Gone are the days when the security of a company’s data was seen as the responsibility of the IT department.These days, it’sa key concern for corporate governance. Boards must take the lead in ensuring data is protected and investigating whether company mechanisms are up to the job.
Cybersecurity risk is real and pervasive, as demonstrated by recent attacks that have put big banks, personal credit rating agencies, internet providers, the UK National Health Service and even the US intelligence community on high alert.
Threats can emerge from various sources, both internal and external, resulting in data breaches that can have a negative impact on share price, reputation and trust in the organisation’s ability to secure sensitive data, including personal information and intellectual property. A 2017 study by IT consultant CGI and Oxford Economics concluded that severe breaches caused share prices to fall by an average of 1.8 per cent.
Despite high-profile incidents, many institutional investors are only just beginning to look at the governance issues surrounding cybersecurity. This year, several cybersecurity-related resolutions have shown that investors are keen to understand how cyber aware their portfolio companies are and whether they have appropriate mechanisms to manage a breach. All of this can be difficult to assess, however, because of gaps in corporate disclosure on this topic.
An additional – and serious – consideration for boards is that the regulatory regime on data privacy and cybersecurity is being strengthened across the world with fines and penalties for data breaches.
Last year, for example, the US Congress has introduced the bipartisan Cybersecurity Disclosure Act of 2017, which would require publicly traded companies to disclose the cybersecurity expertise of any members of the board or general partner and, if the board does not have such expertise, disclose the measures the board has taken to identify and nominate future members.
In Europe, the General Data Protection Regulation came into force in May 2018, creating obligations for companies that process and hold data in the EU regardless of where they are located. Notably, the penalties for not adhering to these requirements can be up to €20 million. Similarly, in Australia, the Australian Privacy Act mandates that companies implement security safeguards to protect personal information and notify customers of data breaches.
Investors need to discuss these issues with board directors to raise awareness of potential data compromises and ensure the board is involved in assessing the robustness of security measures. This issue will only continue to intensify in the future, so investors need to start the conversation with companies now to better understand their exposure.
Global collaborative action
To improve corporate disclosure and enhance understanding of the underlying cyber vulnerabilities, Principles for Responsible Investment (PRI) has been co-ordinating a global collaborative engagement on this topic. More than 50 institutional investors, representing more than US$12 trillion in assets under management, are now engaging with companies on their cybersecurity governance.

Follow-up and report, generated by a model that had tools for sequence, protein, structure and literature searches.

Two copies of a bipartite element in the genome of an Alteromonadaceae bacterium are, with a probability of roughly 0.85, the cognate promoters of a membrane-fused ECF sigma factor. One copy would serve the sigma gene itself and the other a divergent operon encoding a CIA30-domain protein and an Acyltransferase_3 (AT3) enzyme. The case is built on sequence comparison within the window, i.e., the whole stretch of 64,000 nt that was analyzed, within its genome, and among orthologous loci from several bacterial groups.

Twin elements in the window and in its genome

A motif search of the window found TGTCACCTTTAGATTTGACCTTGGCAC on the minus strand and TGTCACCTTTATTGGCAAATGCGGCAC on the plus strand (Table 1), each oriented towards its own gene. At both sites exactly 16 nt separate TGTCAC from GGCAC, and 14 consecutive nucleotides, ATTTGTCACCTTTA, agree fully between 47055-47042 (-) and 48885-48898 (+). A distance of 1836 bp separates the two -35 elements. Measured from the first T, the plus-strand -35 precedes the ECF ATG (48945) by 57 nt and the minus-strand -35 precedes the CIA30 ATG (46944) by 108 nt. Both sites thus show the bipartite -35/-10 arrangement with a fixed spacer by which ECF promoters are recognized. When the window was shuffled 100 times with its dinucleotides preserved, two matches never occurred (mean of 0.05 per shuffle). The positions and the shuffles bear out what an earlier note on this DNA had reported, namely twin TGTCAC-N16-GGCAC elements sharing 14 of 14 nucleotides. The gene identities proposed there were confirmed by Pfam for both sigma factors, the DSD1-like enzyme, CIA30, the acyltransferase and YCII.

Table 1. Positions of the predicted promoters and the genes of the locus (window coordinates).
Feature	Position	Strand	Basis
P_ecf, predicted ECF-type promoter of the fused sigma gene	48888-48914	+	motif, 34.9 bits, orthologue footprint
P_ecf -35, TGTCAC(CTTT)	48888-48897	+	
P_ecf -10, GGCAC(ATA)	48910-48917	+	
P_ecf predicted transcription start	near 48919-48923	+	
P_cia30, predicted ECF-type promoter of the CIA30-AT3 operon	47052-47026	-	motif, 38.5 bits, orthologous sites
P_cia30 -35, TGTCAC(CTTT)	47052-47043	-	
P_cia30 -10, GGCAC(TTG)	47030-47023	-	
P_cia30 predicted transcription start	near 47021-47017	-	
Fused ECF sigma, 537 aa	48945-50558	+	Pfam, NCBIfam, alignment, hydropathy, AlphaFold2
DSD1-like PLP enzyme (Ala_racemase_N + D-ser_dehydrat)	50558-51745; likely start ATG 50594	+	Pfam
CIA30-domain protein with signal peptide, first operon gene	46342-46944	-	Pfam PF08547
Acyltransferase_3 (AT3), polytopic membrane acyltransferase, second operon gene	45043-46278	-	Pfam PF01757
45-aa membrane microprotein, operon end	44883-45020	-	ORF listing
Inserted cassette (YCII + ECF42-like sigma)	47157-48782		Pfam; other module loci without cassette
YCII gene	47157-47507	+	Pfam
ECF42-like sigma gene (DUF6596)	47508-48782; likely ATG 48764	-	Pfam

Our report, Stepping up governance on cyber security: What is corporate disclosure telling investors?, provides a snapshot, based on a study of 100 companies, primarily in the healthcare, financial and retail sectors. The study, which forms the basis of our collaborative engagement, found that although companies are increasingly recognising cyber risks and their impacts, corporate information in the public domain does not reassure investors that companies have adequate governance structures and measures in place to deal with cybersecurity challenges.
As this dialogue progresses over the next year or so, participating members will have further clarity on how material cybersecurity risk is for companies in their portfolio, how information flows to the board on cybersecurity matters and what the process is for evaluation against peers.
Using these findings, the PRI will also put together a set of investor expectations on cybersecurity governance that companies should be able to meet. Through this process, investors will be signalling to companies that further meaningful disclosure on cybersecurity is warranted, and this will enable them to discern which companies are likely to manage risks appropriately.
Boards need to work closely with senior management to escalate the message across the organisation that security is everyone’s problem. Keeping data secure is not about buying the latest security software; it is about everyone in the company taking responsibility for keeping data secure, whether it’s deleting emails with attachments from unknown sources or protecting the data on laptops that employees take home with them.
Board members could start by ensuring that cybersecurity is on the agenda at meetings. If these issues are delegated to senior management, then the board must have regular updates from those individuals to stay current on the topic.
Fiona Reynolds is chief executive of Principles for Responsible Investment.
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